Monday, May 20, 2013

Between Books - Midlife Mouse

Book cover showing the profile of a man looking at a mouse in front of Cinderella castle

When I first opened Midlife Mouse by Wayne Franklin I had no expectations.  I was attracted to it  because of the Disney hook and the fact that I do feel like I need to open myself up to the wider world of fiction.  But as a middle aged man, who still feels 16, I really did not believe that a story of one man's midlife crisis would actually pull me deeply in.  Three days later, I reached the point where one character's true identity was revealed,  I smiled and mentally congratulated Mr. Franklin on a job well done!  Because he has truly written a fictional story that Disney fans, especially history fans, will love!

Midlife Mouse tells the story of Bill Durmer.  As we open the book we find Bill and his daughter holed up in a Walt Disney World hotel room as they are surrounded by the WDW Swat Team (yep I said it).  We begin to flashback through Bill's life and we learn that Bill is a solid family man and citizen within his Alabama hometown.  However, Bill's life has taken a downward turn as he is forced to close his family business and his coastal community experiences a disaster which Bill blames on himself.  Bill believes the key to rediscovering his purpose lies at Walt Disney World, a place where he was truly happy.  He runs away to the resort with one of his children and begins an adventure steeped in Disney history as those who continue the traditions of Walt Disney seek to discover if Bill is the fulfillment of Walt Disney's last great prophecy.  Along they way, Bill faces danger, fantastical situations, Disney historical truths, and a journey of self discovery to rediscover his purpose.

Bill Dumer's story is one where two genres collide.  First, Franklin provides us the drama driven midlife crisis story.  This book lives in the same neighborhood as fictional books like Our Kingdom of Dust, where our main characters attempt to escape the complexities of their life by fleeing to Walt Disney World so they can be happy.  This theme can also be found in non-fiction books like Cast Member Confidential, proving people do run away to Mickey in real life.  But compared to both of these examples Midlife Mouse is a more family friendly offering.  I would let the Between Tween read this book if asked.  However, Our Kingdom of Dust is something the Between Tween is still a few years away from due to the intense imagery.  Second, Midlife Mouse is a fantastical mystery adventure.  I kept getting the feeling that the story was an adult Kingdom Keepers.  Franklin's tale is full of mystery and secrets within Walt Disney World, where one is not only taken on a ride but also learn real Disney history in a fictional book.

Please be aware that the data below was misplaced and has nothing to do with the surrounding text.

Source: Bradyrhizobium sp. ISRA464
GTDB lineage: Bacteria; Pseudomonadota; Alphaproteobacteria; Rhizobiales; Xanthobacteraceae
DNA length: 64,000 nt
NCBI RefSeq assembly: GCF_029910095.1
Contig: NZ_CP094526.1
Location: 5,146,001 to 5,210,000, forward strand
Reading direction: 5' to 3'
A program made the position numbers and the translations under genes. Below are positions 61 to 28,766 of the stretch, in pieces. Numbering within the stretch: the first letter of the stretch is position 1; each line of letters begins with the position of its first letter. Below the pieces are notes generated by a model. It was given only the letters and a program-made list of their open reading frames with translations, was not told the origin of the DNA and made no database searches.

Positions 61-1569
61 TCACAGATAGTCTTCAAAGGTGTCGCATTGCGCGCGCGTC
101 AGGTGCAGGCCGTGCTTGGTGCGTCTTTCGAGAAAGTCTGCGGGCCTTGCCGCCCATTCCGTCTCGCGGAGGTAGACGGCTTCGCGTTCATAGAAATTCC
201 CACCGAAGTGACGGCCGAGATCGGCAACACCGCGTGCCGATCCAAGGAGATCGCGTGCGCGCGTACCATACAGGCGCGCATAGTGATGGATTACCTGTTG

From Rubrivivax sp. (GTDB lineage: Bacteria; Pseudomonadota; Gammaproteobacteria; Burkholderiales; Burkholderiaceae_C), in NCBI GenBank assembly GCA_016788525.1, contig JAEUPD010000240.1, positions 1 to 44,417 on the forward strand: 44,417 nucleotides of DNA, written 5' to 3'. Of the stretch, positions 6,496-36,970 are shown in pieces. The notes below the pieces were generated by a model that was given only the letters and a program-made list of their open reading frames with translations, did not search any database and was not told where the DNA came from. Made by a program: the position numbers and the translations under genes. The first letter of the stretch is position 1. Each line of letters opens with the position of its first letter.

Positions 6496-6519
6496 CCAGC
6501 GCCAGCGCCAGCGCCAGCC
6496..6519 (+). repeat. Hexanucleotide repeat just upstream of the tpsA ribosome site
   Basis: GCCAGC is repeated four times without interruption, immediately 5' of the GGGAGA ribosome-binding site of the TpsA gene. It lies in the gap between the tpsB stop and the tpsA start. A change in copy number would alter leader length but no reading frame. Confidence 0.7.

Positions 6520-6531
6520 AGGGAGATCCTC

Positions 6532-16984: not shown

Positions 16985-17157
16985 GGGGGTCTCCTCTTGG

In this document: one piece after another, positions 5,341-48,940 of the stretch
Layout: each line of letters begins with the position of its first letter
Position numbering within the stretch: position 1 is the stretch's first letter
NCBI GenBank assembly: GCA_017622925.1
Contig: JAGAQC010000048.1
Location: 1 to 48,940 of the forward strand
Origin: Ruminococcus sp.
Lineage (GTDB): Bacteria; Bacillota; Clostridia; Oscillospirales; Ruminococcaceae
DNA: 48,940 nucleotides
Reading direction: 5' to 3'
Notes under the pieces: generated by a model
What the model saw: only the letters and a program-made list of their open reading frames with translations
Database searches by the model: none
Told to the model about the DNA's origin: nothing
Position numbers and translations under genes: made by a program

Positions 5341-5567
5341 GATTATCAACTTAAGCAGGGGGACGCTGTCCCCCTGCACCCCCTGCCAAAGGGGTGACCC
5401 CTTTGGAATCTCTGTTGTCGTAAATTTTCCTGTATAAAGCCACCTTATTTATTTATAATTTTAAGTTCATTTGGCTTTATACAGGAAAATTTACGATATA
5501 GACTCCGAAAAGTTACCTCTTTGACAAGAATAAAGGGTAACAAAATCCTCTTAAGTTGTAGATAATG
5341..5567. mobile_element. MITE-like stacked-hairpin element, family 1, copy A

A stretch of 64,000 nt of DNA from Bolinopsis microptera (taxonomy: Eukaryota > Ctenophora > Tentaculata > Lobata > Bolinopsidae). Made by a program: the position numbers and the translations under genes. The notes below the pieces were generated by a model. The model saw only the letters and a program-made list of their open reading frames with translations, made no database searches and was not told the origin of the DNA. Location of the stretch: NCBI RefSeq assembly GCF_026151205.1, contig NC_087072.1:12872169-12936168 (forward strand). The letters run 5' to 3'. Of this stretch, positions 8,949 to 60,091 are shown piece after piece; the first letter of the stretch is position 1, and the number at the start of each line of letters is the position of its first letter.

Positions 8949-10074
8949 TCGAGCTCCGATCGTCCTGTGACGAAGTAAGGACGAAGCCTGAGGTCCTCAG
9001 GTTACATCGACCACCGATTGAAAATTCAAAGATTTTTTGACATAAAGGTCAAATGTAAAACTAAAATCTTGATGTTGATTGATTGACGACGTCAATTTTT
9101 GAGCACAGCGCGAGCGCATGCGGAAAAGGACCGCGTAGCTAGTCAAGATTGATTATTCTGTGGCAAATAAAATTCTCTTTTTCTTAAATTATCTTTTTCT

The mystery adventure revolves around a prophecy made on Walt Disney's deathbed.  Durmer and the reader discover that a group of nine separate Disney fans/employees are either seeking the fulfillment or delay of Disney's last prophecy.  I was delighted that each of the groups was descended from Walt Disney's Nine Old Men.  So for history fans, Franklin tickles the imagination by using names like Marc Davis and Ward Kimball in the fictional mystery.  I smiled as I read how each group descended from the original Legends to others including Mary Blair, Don Bluth, Card Walker, Frank Wells, and I believe Jefferey Katzenberg (not mentioned by name) amongst others.  And I really enjoyed how the groups dealt with the problem of Ollie Johnston and Frank Thomas due to their close relationship.  I felt the fictional edits to the histories of these real life legends was true to their histories and legends.  The mystery also allows Franklin to share some of his own opinions on the current state of Disney and Disney fandom.     

The midlife crisis portion of the story is highly effective and makes you feel for Bill.  I am guessing that most people have someone like Bill's sister Nancy in their lives, loving but controlling.  And as a husband and father I could feel the complexity of his personal problems.  Though I probably could not run away to Orlando without the Between Wife!  I think anyone who is at the midpoint of their life can understand much of inner dialogue and quest for purpose.

Midlife Mouse is billed as a Southern fantasy.  I was concerned living in Betweenland I would be missing some of the color of the story.  I found that was not a concern.  I felt Franklin did a good job of giving Bill's hometown of Decent Chance the color of the south from sweet tea to religion in a small town without leaving me behind.

I think the release timing of Midlife Mouse is perfect.  This text is a great summer reading choice.  I could see carrying this to the beach, on the airplane or a comfy bench in a Disney park (okay that's a lie I can't read in a Disney park when there are rides to be checked off.  My only complaint is Franklin refers to Walt Disney World as Disney World.  But when I found out the identity of Bill's spiritual guide Red, well everything was forgiven (really that's all I could complain about).  You can't go wrong by grabbing a copy of Midlife Mouse and taking yourself through a mystery through the Magic Kingdom Park.

Review Copy Provided by Author

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